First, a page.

"Icon -- Christ the Healer", by the hand of Sarah "Sallie" Thayer, revised 2015



When Jesus had crossed again in the boat to the other side, a large crowd gathered around him, and he stayed close to the sea. One of the synagogue officials, named Jairus, came forward. Seeing him he fell at his feet and pleaded earnestly with him, saying, “My daughter is at the point of death. Please, come lay your hands on her that she may get well and live.” He went off with him, and a large crowd followed him and pressed upon him. While he was still speaking, people from the synagogue official’s house arrived and said, “Your daughter has died; why trouble the teacher any longer?” Disregarding the message that was reported, Jesus said to the synagogue official, “Do not be afraid; just have faith.....”  Mk 5:21ff



Here is a portion of today's rather lengthy Gospel -- all of which is about Christ, The Healer.  In this Gospel, not only are people healed by simply touching Christ's garment, He is also able to bring a young girl back from death.  Amazing stuff that has always left me wondering why Christ demonstrated this power to heal, a power which He appears to have passed along to his disciples, but a power which seems to largely have disappeared from the Church soon afterwards.  Sure, we still continue to hear of miraculous healings -- often attributed to the intercession of one saint or another -- but where is this simple touch that brings instantaneous healing of body, mind and spirit?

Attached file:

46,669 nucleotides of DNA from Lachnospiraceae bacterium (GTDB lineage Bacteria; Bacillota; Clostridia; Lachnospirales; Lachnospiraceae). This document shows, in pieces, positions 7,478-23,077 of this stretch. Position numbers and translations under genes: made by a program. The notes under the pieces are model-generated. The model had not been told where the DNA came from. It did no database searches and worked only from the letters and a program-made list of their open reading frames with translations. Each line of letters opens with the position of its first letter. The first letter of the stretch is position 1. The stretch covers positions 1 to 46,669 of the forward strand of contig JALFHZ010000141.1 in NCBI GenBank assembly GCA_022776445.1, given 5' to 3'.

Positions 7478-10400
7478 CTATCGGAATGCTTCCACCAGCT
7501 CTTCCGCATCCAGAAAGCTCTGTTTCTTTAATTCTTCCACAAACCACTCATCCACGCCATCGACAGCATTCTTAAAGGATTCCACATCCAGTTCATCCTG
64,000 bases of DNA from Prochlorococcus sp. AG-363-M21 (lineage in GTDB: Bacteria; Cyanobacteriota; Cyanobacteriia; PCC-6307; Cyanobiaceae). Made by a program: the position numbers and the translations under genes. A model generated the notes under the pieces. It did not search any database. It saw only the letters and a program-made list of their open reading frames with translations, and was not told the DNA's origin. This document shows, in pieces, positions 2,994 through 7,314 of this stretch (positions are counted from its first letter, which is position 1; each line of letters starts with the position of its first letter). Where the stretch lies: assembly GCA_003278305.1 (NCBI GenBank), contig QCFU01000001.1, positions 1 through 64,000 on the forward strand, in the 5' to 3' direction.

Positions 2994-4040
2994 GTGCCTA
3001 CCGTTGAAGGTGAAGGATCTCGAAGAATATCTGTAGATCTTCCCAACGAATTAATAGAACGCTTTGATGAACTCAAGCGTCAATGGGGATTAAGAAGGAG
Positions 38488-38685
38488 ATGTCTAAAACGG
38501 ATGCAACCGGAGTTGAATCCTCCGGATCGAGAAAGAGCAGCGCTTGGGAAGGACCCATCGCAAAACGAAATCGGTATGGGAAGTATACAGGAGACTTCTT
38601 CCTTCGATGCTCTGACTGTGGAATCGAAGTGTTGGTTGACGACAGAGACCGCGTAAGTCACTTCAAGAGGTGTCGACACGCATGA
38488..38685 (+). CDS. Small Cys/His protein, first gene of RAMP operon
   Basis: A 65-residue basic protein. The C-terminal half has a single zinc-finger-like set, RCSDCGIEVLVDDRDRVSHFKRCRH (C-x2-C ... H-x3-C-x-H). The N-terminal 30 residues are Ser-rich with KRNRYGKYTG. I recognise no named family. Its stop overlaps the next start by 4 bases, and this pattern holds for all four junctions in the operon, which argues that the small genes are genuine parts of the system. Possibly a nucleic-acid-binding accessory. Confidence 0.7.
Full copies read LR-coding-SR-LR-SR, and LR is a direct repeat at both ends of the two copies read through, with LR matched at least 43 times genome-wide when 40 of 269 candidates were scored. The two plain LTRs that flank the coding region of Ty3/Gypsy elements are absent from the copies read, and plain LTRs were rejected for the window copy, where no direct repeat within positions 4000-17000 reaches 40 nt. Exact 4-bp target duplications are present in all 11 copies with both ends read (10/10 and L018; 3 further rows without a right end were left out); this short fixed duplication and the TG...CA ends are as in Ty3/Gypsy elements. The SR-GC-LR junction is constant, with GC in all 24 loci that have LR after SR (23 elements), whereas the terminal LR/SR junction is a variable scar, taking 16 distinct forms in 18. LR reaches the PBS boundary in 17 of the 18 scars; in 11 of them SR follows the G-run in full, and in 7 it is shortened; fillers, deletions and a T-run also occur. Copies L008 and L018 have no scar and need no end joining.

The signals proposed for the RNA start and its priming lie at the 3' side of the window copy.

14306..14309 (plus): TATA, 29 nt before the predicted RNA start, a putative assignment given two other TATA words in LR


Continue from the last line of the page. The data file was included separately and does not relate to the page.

I have heard and read many answers to this question, but as I look about the world with its billions of sick and suffering, I just don't feel that anyone has come up with the right answer yet.  As usual, I am thrown right back to my faith in God who is Love and who seems to ask me to trust that, in the end, I will be able to say with Julian of Norwich:  "All is well and all is well and all manner of thing is well."

May we all know the peace which comes from trusting in Love -- Love that will bring us through all the joys and sorrows of this life to that place of perfect peace and unconditional love unending.

Amen.